Did you know: KU provides law enforcement training for Kansas

Posted on Aug 6, 2013 in Campus News and News

The Association hosted a dinner Thursday, Aug. 1 for 125 cadets, instructors and leaders of the Kansas Law Enforcement Training Center, which KU has operated for more than 40 years in Yoder, 12 miles south of Hutchinson. Lynn Loveland, the Association’s assistant director for Kansas programs, and Teri Harris, director of membership, traveled to the KLETC to celebrate the cadets’ graduation, thank them for their service to Kansas communities, welcome them to the Jayhawk network and encourage them to get involved with their local alumni chapter. Since 2011, the Association has hosted two events each year in Yoder.

Kansas Law Enforcement Training Center director Ed PaveyKLETC director Ed Pavey was the featured speaker, answering a question common among many alumni: How did the University of Kansas become involved in police training?  When the Kansas Legislature created KLETC in 1968 as the central headquarters for all law enforcement training in Kansas, legislators needed someone to provide organizational oversight. The decision was easy.  KU had been involved in law enforcement training since the mid-1940s through the University’s Governmental Research Unit. Police officers from across Kansas had traveled to the Lawrence campus to attend training sessions and workshops that focused on topics including homicide investigation, crowd control, traffic collisions and other important law enforcement topics.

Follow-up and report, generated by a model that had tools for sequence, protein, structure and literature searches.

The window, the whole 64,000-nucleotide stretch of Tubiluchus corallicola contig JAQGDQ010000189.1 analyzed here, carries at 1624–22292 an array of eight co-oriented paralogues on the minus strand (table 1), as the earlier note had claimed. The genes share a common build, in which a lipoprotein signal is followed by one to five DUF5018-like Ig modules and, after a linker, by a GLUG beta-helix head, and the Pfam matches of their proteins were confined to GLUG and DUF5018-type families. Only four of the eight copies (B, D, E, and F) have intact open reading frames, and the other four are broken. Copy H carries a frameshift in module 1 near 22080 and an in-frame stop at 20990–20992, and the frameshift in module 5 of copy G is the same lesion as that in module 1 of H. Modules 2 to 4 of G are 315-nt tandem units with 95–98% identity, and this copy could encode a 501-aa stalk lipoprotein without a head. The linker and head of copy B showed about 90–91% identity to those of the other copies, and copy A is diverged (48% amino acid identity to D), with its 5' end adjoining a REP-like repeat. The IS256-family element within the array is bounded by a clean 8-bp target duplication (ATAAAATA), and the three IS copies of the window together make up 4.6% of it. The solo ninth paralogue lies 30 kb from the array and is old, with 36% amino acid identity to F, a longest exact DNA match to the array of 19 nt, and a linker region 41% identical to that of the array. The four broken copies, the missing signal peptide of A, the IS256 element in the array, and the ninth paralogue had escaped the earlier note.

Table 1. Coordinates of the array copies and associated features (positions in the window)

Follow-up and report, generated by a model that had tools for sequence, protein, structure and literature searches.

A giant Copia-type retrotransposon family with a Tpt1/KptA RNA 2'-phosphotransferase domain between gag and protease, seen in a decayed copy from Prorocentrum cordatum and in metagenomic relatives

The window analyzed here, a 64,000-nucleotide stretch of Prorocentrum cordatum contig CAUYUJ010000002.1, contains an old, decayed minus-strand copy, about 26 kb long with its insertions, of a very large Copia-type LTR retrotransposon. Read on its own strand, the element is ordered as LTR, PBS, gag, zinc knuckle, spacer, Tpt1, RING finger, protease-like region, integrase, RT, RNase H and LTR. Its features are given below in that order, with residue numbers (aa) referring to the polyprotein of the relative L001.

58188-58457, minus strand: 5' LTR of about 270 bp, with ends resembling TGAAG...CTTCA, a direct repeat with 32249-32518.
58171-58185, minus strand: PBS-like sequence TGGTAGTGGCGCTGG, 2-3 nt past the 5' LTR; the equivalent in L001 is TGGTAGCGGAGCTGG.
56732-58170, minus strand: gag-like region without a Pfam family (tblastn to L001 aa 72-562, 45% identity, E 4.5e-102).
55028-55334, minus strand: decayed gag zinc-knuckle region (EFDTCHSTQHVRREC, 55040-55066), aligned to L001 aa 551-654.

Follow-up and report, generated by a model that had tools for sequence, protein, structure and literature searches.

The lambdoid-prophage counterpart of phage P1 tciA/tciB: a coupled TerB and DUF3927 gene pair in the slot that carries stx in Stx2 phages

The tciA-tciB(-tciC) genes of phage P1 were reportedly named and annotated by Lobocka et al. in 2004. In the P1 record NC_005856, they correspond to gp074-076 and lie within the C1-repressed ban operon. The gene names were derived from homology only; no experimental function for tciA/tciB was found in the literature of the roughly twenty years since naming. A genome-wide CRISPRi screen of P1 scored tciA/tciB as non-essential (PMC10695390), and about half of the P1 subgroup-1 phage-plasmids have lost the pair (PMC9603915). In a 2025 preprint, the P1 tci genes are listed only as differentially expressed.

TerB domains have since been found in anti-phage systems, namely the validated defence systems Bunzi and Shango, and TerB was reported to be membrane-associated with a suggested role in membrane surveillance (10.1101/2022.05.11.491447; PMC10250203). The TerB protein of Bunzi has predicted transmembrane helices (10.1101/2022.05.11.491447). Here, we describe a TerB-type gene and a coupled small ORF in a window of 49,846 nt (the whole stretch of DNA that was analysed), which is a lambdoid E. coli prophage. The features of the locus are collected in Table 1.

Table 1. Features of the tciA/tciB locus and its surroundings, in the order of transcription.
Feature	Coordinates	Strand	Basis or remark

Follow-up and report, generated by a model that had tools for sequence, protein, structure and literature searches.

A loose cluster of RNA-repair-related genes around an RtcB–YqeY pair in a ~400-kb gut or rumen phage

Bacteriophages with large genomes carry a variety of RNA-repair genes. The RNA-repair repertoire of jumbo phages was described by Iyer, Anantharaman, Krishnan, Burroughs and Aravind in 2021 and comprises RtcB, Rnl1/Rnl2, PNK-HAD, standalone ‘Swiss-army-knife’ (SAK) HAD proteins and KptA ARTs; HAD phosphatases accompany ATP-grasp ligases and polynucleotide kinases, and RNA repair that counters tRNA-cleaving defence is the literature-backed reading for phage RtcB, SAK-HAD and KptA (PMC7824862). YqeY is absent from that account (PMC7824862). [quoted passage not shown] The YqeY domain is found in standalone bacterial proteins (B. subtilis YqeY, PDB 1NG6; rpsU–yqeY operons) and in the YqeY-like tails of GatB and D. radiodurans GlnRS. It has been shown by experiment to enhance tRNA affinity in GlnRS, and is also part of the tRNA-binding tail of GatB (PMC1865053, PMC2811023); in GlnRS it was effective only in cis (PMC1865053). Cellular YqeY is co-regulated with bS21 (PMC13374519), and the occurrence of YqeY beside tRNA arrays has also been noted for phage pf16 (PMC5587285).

Once the decision was made that KU’s Division of Continuing Education would oversee police training in Kansas, the question became: Where should the training center be located?

To get up and running quickly, the center needed classroom and office space, as well as dormitory-style lodging that could be used immediately. Buildings on the former U.S. Naval Air Station located 12 miles southeast of Hutchinson were available, and the U.S. government advised the University that two buildings on the base grounds could be used with little renovation: They had been used during World War II and the Korean War for classroom instruction and dormitory housing for U.S. Navy pilots in training.

KU established KLETC in 1969, and the campus has continued to grow.  Two new dormitory buildings that house 231 officers were constructed in 1998 and 2009. The center also features a state-of-the-art Emergency Vehicle Operations Driver Training Facility named after Robert J. Senecal,  retired dean of KU Continuing Education, a 16-station firearms range and adjacent shotgun range, a crime scene house, a tactical shooting house, 15 classrooms and an 800-seat auditorium that can be divided into three separate training venues. The KLETC campus now spans 173 acres.

More than 400 officers from across Kansas are trained annually in basic programs. In addition, more than 5,000 veteran officers attend KLETC-provided or sponsored continuing education programs each year.

The KU Alumni Association is proud to support the KLETC by hosting a congratulatory banquet for new graduates of the training program.

Kansas Law Enforcement Training Center, director Ed Pavey and KU Chancellor Bernadette Gray-Little

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